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2014 hasn’t been kind to me so far, which bites because 2013 wasn’t a blast either. I’ve been on a failing streak with one setback rolling in right after the other. Just when I think life has decided to give me a shiny gold coin, it pulls it right out of my reach before I can take it. Lucy would’ve been proud. And of course like any normal human being, I’ve buckled under the pressure, cursed the gods, and experience internal torment. Thankfully it’s not my style to stay broken and buried. Even if I have to claw my way out of this grimy pit, I will get out. Strangely enough misery motivates me to change whatever hasn’t been working.
First thing I did was get a haircut. I have this strange ritual where I cut my hair as some sort of external display of rebirth. I look in the mirror and see the new look, thinking about how I’m going to change. But that’s just 1% of the work needed to transform my situation. Usually my gut reaction to my problems is to leave the country. Runaway and teach English in some far off country where I don’t have to think or deal with any of the demons back home. Sadly, I’ve grown practical and can’t bring myself to do such a thing. Running away won’t help because my problems will follow me wherever I go. They live in my head, which last I check isn’t detachable. So what do I do?
Create opportunities. Work harder on my craft. Remember that the bad times won’t last forever. Be a better person to my loved ones and the people around me. Exercise regularly. Eat better. Get help in the form of a therapist. I’m pretty sure I’m holding my breath underwater and it won’t be long before I drown. So I have to keep all these things in mind to move forward and attain the life I want to live. To remember that life is worth living no matter my environment or my circumstances. Life is worth living.
What do you do when everything goes wrong? Would love to hear your thoughts!
It’s going to be okay. No need to feel broken and separated from everyone else. It’s no longer necessary to find escape through deep sleep. You can find peace here. It is waiting for you in your heart. You can find healing for your mind, body, and soul. You can find it now. It’s not hidden someplace far beyond your reach or calling to you from in inaccessible planes. It’s here. It has always been here. You simply forgot or didn’t believe. Your peace. Let it massage your tired muscles, calm your heart, and help you breathe anew. It will awaken your mind and replace your dulled senses with the alertness of creative energy, bursting with power and amazingness. Unleash the inhibition chained to the logical spaces of your mind. You don’t need it. Let go of control. Let go of unspiritual needs of what they say will bring you happiness. Create happiness in this moment now. This moment loves you and will give you sweet kisses of joy, pure and refreshing. You will forget what once hurt your mind, your pride, and hope. Put it in the past and go forth with a new voice, a new song, waiting inside to be sung for all to hear. I want to hear your new voice, your new song deep within the caverns where you keep them all hidden. I’m waiting for you. Don’t keep me waiting long. I am happiness. I am joy. I am fulfillment.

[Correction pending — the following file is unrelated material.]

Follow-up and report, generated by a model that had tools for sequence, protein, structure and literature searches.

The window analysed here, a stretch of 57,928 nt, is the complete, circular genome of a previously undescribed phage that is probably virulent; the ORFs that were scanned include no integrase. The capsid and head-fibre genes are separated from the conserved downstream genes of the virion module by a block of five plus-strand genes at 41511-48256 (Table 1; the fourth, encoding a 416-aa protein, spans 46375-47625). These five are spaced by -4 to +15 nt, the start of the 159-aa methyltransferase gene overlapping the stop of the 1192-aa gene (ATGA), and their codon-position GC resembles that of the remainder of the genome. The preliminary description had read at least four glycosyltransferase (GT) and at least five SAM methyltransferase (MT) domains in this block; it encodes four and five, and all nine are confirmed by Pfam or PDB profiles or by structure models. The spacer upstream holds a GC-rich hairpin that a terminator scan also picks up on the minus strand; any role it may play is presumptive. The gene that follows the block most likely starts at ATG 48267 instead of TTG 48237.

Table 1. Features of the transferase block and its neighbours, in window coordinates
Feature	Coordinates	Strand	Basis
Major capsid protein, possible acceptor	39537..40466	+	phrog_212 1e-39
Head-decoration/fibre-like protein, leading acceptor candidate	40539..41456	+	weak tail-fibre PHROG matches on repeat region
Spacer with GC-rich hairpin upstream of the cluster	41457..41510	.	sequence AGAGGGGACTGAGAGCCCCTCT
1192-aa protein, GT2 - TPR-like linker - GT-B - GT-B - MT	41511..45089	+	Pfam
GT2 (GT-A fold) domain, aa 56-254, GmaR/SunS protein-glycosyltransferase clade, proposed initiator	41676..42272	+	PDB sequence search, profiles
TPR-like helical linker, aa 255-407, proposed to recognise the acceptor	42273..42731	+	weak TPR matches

It was about three in the morning when I typed the words “suicide chat rooms” on the google search bar. I felt alone and vulnerable, but mostly angry because nothing in my life was going according to plan despite my sincere efforts. The thought of taking my life had flitted across my mind, but in reality I didn’t want to die. I simply wanted to find kindred spirits in my frustration. What I found instead shocked and terrified me. My eyes followed the lines of people begging for partners to end their lives with them. I read stories of immense pain, loneliness, failure, and self-hatred. The hopelessness was so palpable that I slammed my laptop shut and exhaled. The tears came before I knew it. I knew people suffer, but this was different. People are suffering. The urge to reach out across my computer and hug that man or woman in indescribable pain overwhelmed me. It brought to mind how I should always seek to do no harm to anyone. We really should be nice to people.
My situation wasn’t nearly as grave as these individuals in those chat rooms. Enough resolved lived within me to pick myself up and go, but I knew many people out there couldn’t do just that. That’s why I’m writing for the discouraged that have something left in them to move. This is by no means a replacement for professional help. Don’t delay to seek professional help if you know your condition is severe. However, if you’re in a terrible slump and having a hard time coming out, here are five things that eased my tough times.
1.) Stop for a second to think through why you’re going through this spell of discouragement.
I’m a big believer in unrolling and picking apart the negative scenarios that my mind plays. If I allow my negativity to go unchecked and do not take the time to analyze it, then it’ll have more control over my life. The good parts of living become obscured, and my mind declares that nothing of value will come out of my efforts. The result: I stay stuck and roam about like a zombie. This is not about positive thinking. Mostly everyone can do that, and personally, positive thinking doesn’t always work for me. When I’m in dark place, I take a pause and figure out the true, deeper cause behind my negativity. I debunk the lies and myths and come up with alternatives for a problem in which my mind says there are none. There is always an alternative plan, alternative path, opportunity, choice, etc. It’s about changing or rewriting the negative script your mind is set on following. A conscious effort in changing one’s mindset can make a big difference.
2.) Exercise if you aren’t already.